Comment: DENR suggests that EPA is being arbitrary and capricious in enforcing the language in 40 CFR 51.161 for public participation in minor NSR permitting programs. DENR indicates that there are “EPA approved state implementation plans that have been in place for many years which do not require a 30-day public notice for any non-PSD construction permits,” and provides as an example “Iowa's state implementation plan which is South Dakota's neighbor and competitor for economic development projects.” The comment states that “EPA cannot give one state an advantage over another in economic development by requiring inconsistent mandates to SIPs.” DENR's comment suggests that even if EPA's argument had validity, DENR is required by its regulations to notice the construction permit “before the applicant can operate any equipment which emits air pollutants into the air.”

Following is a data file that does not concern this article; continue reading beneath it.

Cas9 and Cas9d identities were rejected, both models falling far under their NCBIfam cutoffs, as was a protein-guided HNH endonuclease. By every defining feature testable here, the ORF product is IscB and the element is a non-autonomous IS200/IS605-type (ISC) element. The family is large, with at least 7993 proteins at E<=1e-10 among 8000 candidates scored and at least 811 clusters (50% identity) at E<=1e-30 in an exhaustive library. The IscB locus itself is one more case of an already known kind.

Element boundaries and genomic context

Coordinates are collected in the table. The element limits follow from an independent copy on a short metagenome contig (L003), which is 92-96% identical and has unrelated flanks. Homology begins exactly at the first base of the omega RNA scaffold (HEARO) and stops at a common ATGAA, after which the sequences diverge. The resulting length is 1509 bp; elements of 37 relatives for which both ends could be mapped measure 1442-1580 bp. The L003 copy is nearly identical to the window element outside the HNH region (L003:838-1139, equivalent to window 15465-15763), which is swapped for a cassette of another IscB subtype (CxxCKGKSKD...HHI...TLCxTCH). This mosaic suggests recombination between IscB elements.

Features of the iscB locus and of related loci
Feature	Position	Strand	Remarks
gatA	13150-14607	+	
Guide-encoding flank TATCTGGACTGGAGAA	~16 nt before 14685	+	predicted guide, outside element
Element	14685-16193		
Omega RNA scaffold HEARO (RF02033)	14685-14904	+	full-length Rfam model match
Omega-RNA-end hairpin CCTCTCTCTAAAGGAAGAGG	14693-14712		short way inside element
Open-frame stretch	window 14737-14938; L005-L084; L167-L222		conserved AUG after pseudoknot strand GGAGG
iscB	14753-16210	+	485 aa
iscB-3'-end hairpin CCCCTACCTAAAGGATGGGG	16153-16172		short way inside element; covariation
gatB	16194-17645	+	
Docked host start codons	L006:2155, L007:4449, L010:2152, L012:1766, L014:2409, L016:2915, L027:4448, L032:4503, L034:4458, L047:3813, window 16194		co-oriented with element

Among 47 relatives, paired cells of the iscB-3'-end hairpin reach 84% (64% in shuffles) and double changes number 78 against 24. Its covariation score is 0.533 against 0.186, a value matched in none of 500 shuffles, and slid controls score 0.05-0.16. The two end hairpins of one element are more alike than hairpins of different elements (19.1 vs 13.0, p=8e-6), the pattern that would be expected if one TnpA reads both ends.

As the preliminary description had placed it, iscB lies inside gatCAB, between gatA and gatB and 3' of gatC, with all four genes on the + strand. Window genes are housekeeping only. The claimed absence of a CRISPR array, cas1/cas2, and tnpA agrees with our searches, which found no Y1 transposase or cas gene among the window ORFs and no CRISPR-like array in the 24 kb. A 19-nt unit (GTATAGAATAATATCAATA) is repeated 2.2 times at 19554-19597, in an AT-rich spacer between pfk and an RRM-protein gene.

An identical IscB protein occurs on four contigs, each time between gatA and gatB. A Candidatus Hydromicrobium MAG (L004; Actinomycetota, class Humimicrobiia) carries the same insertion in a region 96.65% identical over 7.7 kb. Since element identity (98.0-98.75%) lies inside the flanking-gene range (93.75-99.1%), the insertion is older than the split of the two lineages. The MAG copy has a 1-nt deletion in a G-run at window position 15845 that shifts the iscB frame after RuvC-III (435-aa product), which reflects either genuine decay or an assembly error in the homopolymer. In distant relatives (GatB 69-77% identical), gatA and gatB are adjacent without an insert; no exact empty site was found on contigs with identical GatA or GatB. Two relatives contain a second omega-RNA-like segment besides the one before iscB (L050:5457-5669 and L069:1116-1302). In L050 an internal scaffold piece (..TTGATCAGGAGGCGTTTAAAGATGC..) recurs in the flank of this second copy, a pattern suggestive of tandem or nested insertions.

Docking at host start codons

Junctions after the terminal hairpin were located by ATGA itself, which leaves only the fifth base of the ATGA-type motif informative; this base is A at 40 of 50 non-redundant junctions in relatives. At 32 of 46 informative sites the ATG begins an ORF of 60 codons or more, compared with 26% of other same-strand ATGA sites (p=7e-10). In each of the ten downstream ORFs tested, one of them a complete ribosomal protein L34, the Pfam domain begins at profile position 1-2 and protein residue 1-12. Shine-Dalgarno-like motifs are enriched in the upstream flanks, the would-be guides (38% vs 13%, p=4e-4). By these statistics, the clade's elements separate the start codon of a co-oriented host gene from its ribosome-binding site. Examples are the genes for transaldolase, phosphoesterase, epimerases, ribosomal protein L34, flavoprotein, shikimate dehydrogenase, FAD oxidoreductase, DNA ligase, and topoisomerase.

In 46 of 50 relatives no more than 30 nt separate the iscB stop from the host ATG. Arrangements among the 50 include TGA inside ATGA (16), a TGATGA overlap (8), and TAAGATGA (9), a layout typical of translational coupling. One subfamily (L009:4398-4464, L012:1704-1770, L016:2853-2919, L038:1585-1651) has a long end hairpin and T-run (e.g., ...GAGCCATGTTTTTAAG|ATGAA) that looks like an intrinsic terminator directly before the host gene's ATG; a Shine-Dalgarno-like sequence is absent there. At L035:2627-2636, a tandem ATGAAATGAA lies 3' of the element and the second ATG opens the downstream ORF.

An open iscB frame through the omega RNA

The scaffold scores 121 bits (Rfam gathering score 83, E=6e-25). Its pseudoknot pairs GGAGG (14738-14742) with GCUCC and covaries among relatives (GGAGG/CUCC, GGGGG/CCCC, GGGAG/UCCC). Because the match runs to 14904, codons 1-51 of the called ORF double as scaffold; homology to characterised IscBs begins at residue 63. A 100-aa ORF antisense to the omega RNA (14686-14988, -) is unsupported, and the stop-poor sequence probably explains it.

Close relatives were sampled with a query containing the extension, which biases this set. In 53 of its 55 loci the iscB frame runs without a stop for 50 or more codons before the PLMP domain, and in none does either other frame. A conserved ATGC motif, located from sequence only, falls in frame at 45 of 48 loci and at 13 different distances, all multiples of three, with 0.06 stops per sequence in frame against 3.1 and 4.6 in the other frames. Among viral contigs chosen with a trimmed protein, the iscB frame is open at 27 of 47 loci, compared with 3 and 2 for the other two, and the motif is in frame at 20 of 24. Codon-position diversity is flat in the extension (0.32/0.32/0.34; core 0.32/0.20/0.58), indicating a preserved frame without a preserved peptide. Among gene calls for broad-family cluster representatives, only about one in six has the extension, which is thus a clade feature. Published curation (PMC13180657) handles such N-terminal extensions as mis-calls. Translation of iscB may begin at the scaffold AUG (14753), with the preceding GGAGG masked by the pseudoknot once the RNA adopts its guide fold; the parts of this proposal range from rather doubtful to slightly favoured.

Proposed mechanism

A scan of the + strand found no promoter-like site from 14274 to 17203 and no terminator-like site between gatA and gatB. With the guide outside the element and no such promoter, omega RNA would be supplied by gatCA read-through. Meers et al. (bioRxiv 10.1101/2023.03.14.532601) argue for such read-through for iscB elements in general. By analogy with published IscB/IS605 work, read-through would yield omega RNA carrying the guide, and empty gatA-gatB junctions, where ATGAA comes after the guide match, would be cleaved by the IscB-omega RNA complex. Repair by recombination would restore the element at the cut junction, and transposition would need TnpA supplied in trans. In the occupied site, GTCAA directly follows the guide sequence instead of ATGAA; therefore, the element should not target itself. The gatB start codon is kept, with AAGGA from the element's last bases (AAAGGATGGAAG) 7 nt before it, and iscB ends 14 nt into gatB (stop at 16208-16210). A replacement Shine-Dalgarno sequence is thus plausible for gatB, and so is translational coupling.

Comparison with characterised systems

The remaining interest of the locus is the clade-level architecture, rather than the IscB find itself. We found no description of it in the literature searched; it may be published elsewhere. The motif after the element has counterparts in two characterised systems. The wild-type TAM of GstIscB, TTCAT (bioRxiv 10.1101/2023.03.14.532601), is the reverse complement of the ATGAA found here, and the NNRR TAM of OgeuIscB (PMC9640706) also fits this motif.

Response: EPA disagrees with this comment. We apply applicable CAA provisions and EPA regulations to determine the approvability of the SIP. As we explained in our proposed notice, EPA regulations “require a minimum 30-day period for public comment on the information submitted by the owner or operator prior to construction.” 79 FR 21428. These regulations explicitly mandate that state SIP minor permitting regulations “include the opportunity for public comment on information submitted by owners and operators.” 40 CFR 51.160, 51.161(a). The regulations further require that the information available to the public “must include the agency's analysis of the effect of construction or modification on ambient air quality, including the agency's proposed approval or disapproval.” EPA's regulations specify that state SIP permitting procedures “shall include, as a minimum . . . a 30-day period for submittal of public comment.” These public participation requirements apply to “construction or modification”  of a “facility, building, structure or installation.”  Finally, the regulations require that public notice be sent to the EPA Regional Office and to all other state and local air pollution control agencies having jurisdiction in the region in which the new or modified source “will be located.” 40 CFR 51.161(d).